Researchers Call to End Age Restrictions for Lynch Syndrome Testing

Researchers Call to End Age Restrictions for Lynch Syndrome Testing

December 24, 2015

Many cases of Lynch syndrome might be going undetected under widely used testing methods and age restrictions for screening, warn authors of a new study published in the Journal of Clinical Oncology.

Many cases of Lynch syndrome might be going undetected under widely used testing methods and age restrictions for screening, warn authors of a new study published in the Journal of Clinical Oncology.

Tumor microsatellite instability (MSI) typing increases detection of Lynch syndrome among endometrial cancer patients by 12%, and should be used alongside other tools to screen for Lynch syndrome among all endometrial cancer patients, regardless of age, according to the researchers.

“Combined tumor MSI [microsatellite instability], methylation [MLH1], and IHC [immunohistochemistry] analysis may prove useful in Lynch screening in EC [endometrial cancer],” the researchers reported. “Restricting Lynch syndrome testing to women diagnosed at less than age 60 years or to women with IHC defects could result in missing a substantial fraction of genetic disease.”

Lynch syndrome, an inherited genetic disorder, increases patients’ risk of developing endometrial, ovarian, colon, gastric, gastrointestinal, and liver cancers. Optimal screening strategies for women diagnosed with endometrial cancer have not been identified, although it has been recommended that screening be limited to women younger than age 60 years at diagnosis with endometrial cancer.

The study coauthors “sought to determine whether MSI typing along with IHC and MLH1 methylation analysis can help identify women with Lynch syndrome,” analyzing 1,002 endometrial tumors.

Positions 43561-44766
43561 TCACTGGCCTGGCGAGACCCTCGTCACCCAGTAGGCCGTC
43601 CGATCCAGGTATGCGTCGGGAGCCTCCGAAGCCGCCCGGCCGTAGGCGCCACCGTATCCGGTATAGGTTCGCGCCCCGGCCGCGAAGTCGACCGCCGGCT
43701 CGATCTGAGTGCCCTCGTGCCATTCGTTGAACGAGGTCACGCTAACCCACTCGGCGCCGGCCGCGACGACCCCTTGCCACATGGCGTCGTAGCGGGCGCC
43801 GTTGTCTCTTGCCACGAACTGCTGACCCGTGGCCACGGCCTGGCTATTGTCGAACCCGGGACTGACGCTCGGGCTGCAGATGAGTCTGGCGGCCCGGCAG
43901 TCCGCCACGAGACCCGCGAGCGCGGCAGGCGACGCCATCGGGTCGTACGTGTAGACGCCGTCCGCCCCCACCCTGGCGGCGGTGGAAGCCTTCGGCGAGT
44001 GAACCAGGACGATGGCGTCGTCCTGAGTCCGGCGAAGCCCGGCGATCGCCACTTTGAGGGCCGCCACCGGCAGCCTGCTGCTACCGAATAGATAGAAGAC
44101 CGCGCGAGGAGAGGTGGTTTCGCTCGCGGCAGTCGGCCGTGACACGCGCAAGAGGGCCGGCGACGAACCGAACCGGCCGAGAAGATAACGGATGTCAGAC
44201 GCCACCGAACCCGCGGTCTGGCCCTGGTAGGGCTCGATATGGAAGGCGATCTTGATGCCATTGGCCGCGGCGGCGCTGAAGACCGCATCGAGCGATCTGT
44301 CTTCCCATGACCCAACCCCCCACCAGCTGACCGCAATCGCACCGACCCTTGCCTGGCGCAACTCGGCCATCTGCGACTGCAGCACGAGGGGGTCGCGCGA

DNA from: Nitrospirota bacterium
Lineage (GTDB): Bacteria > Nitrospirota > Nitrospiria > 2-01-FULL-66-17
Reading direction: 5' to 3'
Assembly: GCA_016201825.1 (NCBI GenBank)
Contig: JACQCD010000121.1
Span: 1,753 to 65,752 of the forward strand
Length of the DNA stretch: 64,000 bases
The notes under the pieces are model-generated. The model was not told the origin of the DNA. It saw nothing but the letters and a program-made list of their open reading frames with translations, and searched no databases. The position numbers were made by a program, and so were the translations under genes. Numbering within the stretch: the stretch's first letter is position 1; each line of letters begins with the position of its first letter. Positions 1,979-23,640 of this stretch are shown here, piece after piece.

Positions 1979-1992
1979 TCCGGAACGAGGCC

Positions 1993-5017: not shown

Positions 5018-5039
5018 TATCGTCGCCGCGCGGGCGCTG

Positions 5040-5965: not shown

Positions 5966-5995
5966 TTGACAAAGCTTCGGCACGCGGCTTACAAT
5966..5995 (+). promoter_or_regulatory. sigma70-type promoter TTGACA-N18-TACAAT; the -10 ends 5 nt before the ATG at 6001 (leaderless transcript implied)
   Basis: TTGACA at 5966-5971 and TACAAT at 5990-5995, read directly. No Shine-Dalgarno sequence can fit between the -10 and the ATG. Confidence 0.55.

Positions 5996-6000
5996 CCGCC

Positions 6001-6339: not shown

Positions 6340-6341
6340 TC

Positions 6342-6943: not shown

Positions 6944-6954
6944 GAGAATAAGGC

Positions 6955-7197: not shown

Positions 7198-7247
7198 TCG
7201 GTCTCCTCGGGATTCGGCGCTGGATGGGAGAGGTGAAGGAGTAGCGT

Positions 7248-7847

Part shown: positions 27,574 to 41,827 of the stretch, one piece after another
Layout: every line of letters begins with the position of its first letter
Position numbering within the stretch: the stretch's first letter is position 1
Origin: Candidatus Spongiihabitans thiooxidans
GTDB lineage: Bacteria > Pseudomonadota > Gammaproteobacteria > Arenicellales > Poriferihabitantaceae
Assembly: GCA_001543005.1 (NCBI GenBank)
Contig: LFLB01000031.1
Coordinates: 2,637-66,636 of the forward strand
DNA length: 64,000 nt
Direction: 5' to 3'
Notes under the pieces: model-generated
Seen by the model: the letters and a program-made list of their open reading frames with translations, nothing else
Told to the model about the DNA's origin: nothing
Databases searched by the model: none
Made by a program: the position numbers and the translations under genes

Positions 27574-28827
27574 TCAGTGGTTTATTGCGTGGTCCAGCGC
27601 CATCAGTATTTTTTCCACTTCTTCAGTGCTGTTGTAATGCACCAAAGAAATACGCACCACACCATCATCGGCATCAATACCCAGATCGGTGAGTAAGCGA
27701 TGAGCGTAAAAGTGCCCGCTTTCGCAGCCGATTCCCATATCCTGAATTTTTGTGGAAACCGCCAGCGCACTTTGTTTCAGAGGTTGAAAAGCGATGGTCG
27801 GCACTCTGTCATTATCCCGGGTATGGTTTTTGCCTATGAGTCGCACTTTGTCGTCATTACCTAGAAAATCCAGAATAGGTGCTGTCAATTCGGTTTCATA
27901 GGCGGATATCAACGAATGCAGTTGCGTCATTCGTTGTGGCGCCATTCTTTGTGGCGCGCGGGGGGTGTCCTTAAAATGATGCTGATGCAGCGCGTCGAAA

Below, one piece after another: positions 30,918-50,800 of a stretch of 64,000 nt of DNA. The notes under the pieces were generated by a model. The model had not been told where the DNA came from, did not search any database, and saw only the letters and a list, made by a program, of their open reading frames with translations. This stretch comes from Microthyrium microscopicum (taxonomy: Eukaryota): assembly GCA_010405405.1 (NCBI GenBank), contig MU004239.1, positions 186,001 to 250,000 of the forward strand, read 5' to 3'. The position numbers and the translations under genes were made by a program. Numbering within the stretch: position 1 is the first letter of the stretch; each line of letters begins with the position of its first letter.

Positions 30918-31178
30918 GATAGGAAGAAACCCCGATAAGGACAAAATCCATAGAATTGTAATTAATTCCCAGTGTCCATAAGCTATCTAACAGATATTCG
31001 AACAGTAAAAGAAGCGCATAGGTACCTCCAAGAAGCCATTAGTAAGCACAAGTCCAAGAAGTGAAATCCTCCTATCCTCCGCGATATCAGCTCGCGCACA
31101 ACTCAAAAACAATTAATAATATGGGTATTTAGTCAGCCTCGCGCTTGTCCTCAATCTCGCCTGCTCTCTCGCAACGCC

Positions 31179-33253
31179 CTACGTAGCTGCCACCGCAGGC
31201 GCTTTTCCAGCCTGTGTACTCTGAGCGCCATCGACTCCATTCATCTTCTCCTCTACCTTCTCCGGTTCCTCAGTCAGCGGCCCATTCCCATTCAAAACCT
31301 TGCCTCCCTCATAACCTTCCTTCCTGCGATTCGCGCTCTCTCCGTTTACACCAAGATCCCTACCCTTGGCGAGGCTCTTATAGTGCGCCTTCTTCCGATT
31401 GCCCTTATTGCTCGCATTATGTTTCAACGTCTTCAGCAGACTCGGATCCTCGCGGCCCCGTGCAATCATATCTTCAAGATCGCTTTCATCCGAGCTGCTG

“Analysis of 1,002 endometrial cancers suggested possible MMR [mismatch repair protein] mutation in 11.8% of tumors,” the researchers reported. “The number of patients with a family history suggestive of Lynch syndrome was highest among women whose tumors were classified as probable MMR mutation (P = .001).”

The researchers also found that 24% of patients who harbored Lynch syndrome gene mutations were diagnosed with endometrial cancer after age 60, “and one carrier had an MSI-positive tumor with no IHC defect.”

Testing for Lynch syndrome among only those patients who are diagnosed with endometrial cancer at age 60 or younger means many cases of the syndrome will go undetected.

“If we don’t identify patients who have these fundamental changes in their DNA structure then we also can’t use this information to help stop and detect these cancers in their at-risk relatives,” said coauthor Paul J. Goodfellow, PhD, a professor at The Ohio State University Comprehensive Cancer Center, Columbus, OH, in a news release.

The increased cancer risk for relatives of the Lynch endometrial cancer patients older than 60 would not be known or accounted for, so, the opportunity for early detection and intervention would be lost. We believe that all endometrial cancer patients should have tumor analysis to screen of Lynch syndrome should be for, irrespective of age,” Dr. Goodfellow concluded. “The benefit of earlier detection of cancers and pre-cancers in mutation carriers is well established.”